While there is nothing inherently wrong with junket operators, what is unnerving about them is that it is hard to know where the money is coming from ultimately. Not in the sense of illegal activity per se, but in the sense that, with the super rich, one never knows if the source of their wealth is market-based or political, or in other words relatively stable or fleeting. I’d say it’s a safe assumption that most of the targets of junket operators are bankers of one form or another or else closely connected to them, whose fortunes depend on the whim of the printing appetites of Central Banks. Their fortunes could go south very quickly when the printing stops, and with it the VIP clients.
It is beyond the scope of plausibility to dig in to the nature of every VIP client at Solaire and make a rational decision about the stability of such a revenue source. But my feeling is that it is a generally unreliable one and to build a business model based on it is dangerous. The problem is not at all limited to Bloomberry. 70% of Macau’s revenues, all casinos included, are estimated to come from junket operators bagging VIP’s. This is just another big reason I am not a big fan of Macau stocks right now, and one reason to be careful of Bloomberry.
Junket operators have also been known to conveniently disappear when they owe lots of money, which just happened earlier this month with one who owed $1.3B in Macau. The grey-to-black nature of the market these sharks prowl lends to this sort of thing.
Beyond the questionable reliability of continued long term VIP revenues, as with all gaming companies, I go straight to debt load and financing of that debt to see what’s up. In that sense, Bloomberry looks a little like the US Federal Government going into debt to raise GDP, not to the same extent of course, but Bloomberry went deep into debt, over ₱30B currently, to score that first ₱1.46B. Debt to equity is now 216% (page 55), which brings me to my next concern, and that is accounting practices and disclosures.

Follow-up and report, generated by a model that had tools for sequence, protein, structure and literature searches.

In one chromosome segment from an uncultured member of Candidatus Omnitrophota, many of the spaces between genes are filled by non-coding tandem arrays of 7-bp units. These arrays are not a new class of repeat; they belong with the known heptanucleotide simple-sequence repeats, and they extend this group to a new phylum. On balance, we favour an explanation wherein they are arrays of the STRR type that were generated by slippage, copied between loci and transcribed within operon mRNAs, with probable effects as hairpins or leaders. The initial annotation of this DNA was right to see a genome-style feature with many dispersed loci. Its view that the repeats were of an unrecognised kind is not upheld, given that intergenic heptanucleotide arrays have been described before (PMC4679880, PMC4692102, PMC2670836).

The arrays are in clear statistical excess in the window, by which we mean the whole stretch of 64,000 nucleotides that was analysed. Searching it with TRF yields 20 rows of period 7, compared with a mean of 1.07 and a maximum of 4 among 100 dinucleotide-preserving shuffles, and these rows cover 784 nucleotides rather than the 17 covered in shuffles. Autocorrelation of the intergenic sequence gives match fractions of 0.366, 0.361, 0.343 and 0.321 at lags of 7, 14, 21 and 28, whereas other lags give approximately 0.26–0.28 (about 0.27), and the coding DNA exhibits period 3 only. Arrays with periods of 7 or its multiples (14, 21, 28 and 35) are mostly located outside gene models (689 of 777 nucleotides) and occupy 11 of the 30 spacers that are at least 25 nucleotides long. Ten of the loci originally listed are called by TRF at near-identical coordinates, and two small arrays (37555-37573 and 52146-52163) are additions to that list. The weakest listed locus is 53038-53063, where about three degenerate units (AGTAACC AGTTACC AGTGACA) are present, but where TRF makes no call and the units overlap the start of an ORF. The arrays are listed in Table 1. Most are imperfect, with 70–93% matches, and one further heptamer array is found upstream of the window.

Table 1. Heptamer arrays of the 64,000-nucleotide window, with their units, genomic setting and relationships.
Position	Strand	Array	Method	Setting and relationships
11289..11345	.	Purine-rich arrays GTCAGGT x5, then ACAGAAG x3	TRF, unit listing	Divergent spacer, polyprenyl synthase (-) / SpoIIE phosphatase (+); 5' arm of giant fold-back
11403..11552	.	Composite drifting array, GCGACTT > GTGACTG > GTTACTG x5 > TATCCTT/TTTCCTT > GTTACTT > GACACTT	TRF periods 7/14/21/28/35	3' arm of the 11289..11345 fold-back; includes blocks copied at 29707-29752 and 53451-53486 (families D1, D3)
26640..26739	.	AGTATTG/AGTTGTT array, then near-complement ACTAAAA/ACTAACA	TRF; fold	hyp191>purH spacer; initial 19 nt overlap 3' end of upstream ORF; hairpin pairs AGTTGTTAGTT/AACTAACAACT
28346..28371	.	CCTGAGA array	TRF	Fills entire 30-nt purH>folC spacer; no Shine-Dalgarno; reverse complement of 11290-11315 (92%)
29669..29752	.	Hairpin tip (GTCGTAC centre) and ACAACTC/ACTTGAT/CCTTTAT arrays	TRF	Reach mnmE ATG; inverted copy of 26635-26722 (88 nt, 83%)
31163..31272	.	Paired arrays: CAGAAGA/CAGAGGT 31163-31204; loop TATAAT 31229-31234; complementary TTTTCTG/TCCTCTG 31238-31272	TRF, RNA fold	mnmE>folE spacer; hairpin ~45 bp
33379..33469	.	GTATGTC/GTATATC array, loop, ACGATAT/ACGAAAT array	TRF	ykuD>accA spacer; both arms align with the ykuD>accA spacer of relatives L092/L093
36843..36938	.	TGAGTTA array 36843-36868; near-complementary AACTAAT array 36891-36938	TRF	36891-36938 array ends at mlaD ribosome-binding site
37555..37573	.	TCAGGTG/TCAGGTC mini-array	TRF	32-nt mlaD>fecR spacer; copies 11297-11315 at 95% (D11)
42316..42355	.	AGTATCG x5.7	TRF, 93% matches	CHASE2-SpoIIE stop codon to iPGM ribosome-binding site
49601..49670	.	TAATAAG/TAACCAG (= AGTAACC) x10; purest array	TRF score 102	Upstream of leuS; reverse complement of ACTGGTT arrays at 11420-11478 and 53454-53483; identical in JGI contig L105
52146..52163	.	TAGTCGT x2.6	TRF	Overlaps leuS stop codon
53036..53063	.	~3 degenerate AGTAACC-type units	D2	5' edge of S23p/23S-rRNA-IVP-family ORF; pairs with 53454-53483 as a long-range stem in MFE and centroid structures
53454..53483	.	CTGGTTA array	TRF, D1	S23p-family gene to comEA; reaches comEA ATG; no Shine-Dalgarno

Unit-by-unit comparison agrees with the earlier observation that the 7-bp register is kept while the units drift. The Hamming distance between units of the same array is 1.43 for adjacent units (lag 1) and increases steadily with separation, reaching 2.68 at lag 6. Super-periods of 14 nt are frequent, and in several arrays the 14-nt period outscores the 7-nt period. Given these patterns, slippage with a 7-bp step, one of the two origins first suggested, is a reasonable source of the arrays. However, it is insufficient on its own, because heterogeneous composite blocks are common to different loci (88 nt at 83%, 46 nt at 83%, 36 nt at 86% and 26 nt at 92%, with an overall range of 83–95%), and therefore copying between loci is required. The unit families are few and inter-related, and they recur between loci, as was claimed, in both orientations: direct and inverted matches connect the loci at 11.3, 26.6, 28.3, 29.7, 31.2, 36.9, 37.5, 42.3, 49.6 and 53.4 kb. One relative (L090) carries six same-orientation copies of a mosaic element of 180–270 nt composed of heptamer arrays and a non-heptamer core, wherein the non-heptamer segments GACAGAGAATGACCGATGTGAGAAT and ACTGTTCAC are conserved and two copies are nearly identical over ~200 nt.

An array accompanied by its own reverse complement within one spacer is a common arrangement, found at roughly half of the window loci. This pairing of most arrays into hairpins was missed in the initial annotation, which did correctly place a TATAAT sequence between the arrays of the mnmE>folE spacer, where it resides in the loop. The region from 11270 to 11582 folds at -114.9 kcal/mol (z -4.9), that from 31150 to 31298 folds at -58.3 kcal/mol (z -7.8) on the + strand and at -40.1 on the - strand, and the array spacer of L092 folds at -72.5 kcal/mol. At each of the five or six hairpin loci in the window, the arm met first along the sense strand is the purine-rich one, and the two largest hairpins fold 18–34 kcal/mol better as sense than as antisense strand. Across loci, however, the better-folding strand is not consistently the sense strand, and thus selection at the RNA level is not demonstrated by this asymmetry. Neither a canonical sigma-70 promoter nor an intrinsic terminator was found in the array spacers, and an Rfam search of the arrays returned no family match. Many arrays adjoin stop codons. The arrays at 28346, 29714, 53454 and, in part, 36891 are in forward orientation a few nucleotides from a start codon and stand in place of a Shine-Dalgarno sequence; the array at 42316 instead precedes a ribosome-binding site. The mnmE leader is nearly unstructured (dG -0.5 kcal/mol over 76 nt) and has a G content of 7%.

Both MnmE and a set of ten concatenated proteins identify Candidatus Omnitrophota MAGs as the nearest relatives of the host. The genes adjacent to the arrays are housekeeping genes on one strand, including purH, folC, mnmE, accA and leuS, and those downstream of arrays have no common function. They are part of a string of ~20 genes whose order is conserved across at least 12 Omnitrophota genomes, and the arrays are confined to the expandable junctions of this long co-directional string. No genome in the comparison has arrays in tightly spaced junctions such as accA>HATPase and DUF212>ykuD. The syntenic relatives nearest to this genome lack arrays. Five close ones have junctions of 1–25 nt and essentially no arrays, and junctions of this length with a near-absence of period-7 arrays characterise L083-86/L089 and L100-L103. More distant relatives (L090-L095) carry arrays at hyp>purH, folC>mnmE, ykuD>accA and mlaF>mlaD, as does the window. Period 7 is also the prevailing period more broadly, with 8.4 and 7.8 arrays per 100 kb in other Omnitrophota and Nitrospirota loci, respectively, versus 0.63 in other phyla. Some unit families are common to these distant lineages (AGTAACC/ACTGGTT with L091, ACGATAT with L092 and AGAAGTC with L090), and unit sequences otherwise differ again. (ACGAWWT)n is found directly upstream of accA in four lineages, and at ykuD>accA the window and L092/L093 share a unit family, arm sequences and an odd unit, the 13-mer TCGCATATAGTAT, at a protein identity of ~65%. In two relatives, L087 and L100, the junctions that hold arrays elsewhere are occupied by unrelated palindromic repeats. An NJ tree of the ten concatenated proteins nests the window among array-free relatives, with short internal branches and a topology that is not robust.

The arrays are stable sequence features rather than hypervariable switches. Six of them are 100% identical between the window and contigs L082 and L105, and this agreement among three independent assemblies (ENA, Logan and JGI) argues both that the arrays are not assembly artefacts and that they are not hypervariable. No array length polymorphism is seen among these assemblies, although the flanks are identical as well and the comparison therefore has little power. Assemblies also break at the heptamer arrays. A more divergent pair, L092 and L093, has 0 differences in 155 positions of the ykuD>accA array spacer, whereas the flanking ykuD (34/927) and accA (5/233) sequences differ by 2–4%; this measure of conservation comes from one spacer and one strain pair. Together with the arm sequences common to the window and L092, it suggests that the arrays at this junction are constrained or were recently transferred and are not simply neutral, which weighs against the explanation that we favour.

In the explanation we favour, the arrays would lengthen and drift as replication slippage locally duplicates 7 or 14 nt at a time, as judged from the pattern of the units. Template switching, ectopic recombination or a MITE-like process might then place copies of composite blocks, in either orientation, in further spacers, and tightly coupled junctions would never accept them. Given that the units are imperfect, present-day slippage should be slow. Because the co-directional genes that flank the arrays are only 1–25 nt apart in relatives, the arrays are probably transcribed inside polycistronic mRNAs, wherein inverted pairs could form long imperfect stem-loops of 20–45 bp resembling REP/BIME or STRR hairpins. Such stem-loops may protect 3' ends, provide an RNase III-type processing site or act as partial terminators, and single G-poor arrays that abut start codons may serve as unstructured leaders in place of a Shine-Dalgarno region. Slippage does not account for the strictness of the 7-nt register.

Public filings are vague when it comes to the company’s exact financial condition. It is unclear exactly how much of Bloomberry’s ₱30B debt it racked up getting Solaire off the ground is floating or fixed, and the company has up until now capitalized interest rate changes on debt in “Project Development Costs.” Those “Development Costs” or however the company terms them will go up as interest rates rise. Nowhere in its 10Q does the term GAAP (Generally Accepted Accounting Principles) show up.
No, I am not accusing Bloomberry of any impropriety or wrongdoing here. I am simply saying that judging by publicly available information, it is difficult to gauge the situation.
But back to the positives. Much like Melco Crown, Bloomberry is doing well given where we currently are in the business cycle. In the current monetary environment of low interest rates and flowing (probably banker related) VIP clients, Bloomberry can and will thrive. But the situation longer term is like a treadmill. Bloomberry doesn’t know it yet, but it is in a race against time. If it can grow fast enough to bring its debt down significantly before interest rates start to rise, it may reach escape velocity and survive the down phase of the business cycle.
All this considered, excitement over Bloomberry will likely continue in the short term as long as revenues and profit keep growing. Longer term, watch what the company does with those profits. If it pays down debt aggressively, then it is acting smart and a longer term hold is possible. If, however, it uses its newfound success to expand aggressively and double down on its debt burden, it would be time to get out.